Ten years ago I called Sanctuary Magazine "the best green shelter magazine available anywhere" and after a tough decade for print journalism, it still is. That's because it is a mag with a mission; it is published by Australia's "Alternative Technology Association, a not-for-profit organisation that has been promoting sustainable building, renewable energy and water conservation for over 30 years." They publish Renew Magazine for nerds, preaching to the converted, and Sanctuary to proselytize, to make green living sexy and beautiful, and to make green homes objects of desire.
But I have a problem with Sanctuary, it makes me sad. I look out my window at the bare trees and the thawing dog poop and just want to move, there is so much happening there. I know Australia isn't perfect, that there are fires and poisonous bugs and Tony Abbott and they make you wear bicycle helmets in the heat, but the houses!!! And this month, an entire issue devoted to prefab. Sanctuary is showing 16 of the highest rating modular and prefabricated homes
Here are a few that caught my eye:
We have selected those with a focus on the residential sector and which provide options for high building energy star ratings, renewable materials and cost-effective production. Their approaches fall into two main construction categories – modular and panelised – but within these is a huge range of different products on offer.
There is so much experimentation happening too, so many prefab systems that come in boxes, panels and even precut sticks like ehabitat's eframe system which "includes all rafters, lintels, posts and bolts, which come cut to length, numbered and ready to bolt together." It's made from "best quality Tasmanian kiln dried hardwood. All our timber is sourced from sustainable regrowth forests, and we use non-toxic cross linking glue. Because all eframe components are made in factory conditions, we are able to ensure precision, defect free components." Really interesting stuff.
The Warrender Studio, by the wonderfully named Makers of Architecture, is a lovely little 65 square meter marvel.
It is not only New Zealand’s first full CLT (Cross Laminated Timber) house, but the entire building has been digitally designed and fabricated using BIM (Building Information Modelling) and CNC (Computer Numerical Control) technologies. Remarkably the studio structure was constructed in 3 days due to the precision manufactured CLT panels being systematically lifted into place.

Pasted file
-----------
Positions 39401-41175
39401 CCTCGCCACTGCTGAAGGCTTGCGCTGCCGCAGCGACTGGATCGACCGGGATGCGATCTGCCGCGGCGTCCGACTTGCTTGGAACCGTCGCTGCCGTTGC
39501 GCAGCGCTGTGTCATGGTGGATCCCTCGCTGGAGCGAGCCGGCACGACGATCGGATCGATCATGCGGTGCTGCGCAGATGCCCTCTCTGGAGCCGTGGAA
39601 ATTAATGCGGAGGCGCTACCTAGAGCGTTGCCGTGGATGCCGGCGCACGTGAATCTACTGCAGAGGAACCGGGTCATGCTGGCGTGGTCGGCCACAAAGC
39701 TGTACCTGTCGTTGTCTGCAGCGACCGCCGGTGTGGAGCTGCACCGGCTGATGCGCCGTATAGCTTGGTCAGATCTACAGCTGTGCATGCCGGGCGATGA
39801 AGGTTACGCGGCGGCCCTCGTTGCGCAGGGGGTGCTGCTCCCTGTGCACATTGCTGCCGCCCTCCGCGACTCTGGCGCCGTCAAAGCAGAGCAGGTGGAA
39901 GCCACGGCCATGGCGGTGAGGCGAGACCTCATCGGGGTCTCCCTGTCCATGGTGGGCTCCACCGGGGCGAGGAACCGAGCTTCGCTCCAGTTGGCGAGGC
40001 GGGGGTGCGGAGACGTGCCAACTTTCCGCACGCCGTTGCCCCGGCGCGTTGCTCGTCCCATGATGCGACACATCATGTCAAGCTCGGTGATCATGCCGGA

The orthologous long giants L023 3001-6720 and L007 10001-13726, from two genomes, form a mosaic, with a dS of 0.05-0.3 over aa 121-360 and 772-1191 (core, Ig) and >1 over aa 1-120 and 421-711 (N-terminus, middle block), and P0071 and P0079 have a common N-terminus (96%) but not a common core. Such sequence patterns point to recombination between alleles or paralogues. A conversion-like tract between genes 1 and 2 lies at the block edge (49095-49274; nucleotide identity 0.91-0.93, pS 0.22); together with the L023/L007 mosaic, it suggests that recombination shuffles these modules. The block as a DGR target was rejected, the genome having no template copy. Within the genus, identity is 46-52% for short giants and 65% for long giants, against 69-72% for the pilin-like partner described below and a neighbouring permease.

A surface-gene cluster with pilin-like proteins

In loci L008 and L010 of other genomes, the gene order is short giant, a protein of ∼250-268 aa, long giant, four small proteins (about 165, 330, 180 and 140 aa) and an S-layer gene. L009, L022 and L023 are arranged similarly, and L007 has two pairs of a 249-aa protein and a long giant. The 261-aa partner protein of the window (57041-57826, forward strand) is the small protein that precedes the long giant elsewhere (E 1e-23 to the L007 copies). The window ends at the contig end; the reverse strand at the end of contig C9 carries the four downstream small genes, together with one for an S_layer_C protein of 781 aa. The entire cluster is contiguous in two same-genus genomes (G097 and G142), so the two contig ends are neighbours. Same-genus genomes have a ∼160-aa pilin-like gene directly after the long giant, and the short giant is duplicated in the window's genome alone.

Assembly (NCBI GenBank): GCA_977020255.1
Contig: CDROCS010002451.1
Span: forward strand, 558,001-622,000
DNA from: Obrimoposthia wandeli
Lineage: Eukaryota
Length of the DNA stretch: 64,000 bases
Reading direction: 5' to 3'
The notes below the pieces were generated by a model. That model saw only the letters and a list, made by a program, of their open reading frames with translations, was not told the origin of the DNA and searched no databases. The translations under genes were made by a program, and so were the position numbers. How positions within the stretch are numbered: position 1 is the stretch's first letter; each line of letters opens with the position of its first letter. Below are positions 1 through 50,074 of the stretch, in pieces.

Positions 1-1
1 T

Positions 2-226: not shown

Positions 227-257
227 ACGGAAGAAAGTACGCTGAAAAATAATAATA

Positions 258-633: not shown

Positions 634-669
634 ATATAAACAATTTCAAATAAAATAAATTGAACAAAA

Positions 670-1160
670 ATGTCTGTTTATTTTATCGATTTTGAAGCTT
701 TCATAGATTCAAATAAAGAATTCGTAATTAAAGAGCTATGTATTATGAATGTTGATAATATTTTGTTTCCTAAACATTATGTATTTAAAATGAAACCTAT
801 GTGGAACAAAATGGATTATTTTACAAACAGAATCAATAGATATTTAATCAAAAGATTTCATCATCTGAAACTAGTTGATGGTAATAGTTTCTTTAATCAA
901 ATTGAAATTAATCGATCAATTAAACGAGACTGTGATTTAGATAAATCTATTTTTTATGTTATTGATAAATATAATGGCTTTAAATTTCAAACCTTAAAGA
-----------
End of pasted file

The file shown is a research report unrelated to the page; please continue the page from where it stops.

It has everything TreeHugger: "It was imperative that the building responded to the client’s brief consisting of: sustainably sourced materials, chemical free interior surfaces, seismically sound, cost effective, warm and healthy, while engaging with the stunning outlook and environment beyond." Lots more at Makers of Architecture.
This photo of the Inverloch house by Prebuilt Residential left me speechless. The window! The view! The lawn! It also has a rammed earth garage.
A green approach is adopted throughout all areas of construction, with Prebuilt utilising plantation and recycled timber and water-saving plumbing fittings. Other options available to our clients include low VOC-emitting paints and stains, solar hot water and solar power panels, grey-water recycling systems, reed beds and composting toilets.
More interesting modular at Prebult Residential.
Modscape's portfolio is full of big modern modular houses, refined, beautifully detailed. This one is interesting because it is hidden behind a windowless gray front facade. "Rendered brick walls envelope the home to create a protective compound which not only provides privacy, but ensures the prefab home is secure." More at Modscape, who can also do tiny houses, like this Minimalist off-grid modular cabin is designed to disappear into the landscape
Arkit are not doctrinaire, and build modular, flatpack and hybrid. " We enjoy being involved in a diverse range of projects and the opportunity to explore new applications for prefabrication." But what really caught my eye was their environmental statement which includes a great explanation of embodied energy, and why they build in timber.
Recent research by the Cooperative Research Centre for Greenhouse Accounting compared the amount of greenhouse gas emissions generated by the manufacture of timber products, with the amount of emissions generated by other common building materials. The results showed that by substituting timber in the construction of a typical family home, greenhouse gas emissions, equivalent to up to 25 tonnes of carbon dioxide, could be saved.
It is the first time I have seen a company take the time to explain this.
Perhaps the only problem with Sanctuary is that their website doesn't do the magazine justice with its little photos; it looks much better in print or PDF, which I suppose is a way of encouraging you to subscribe.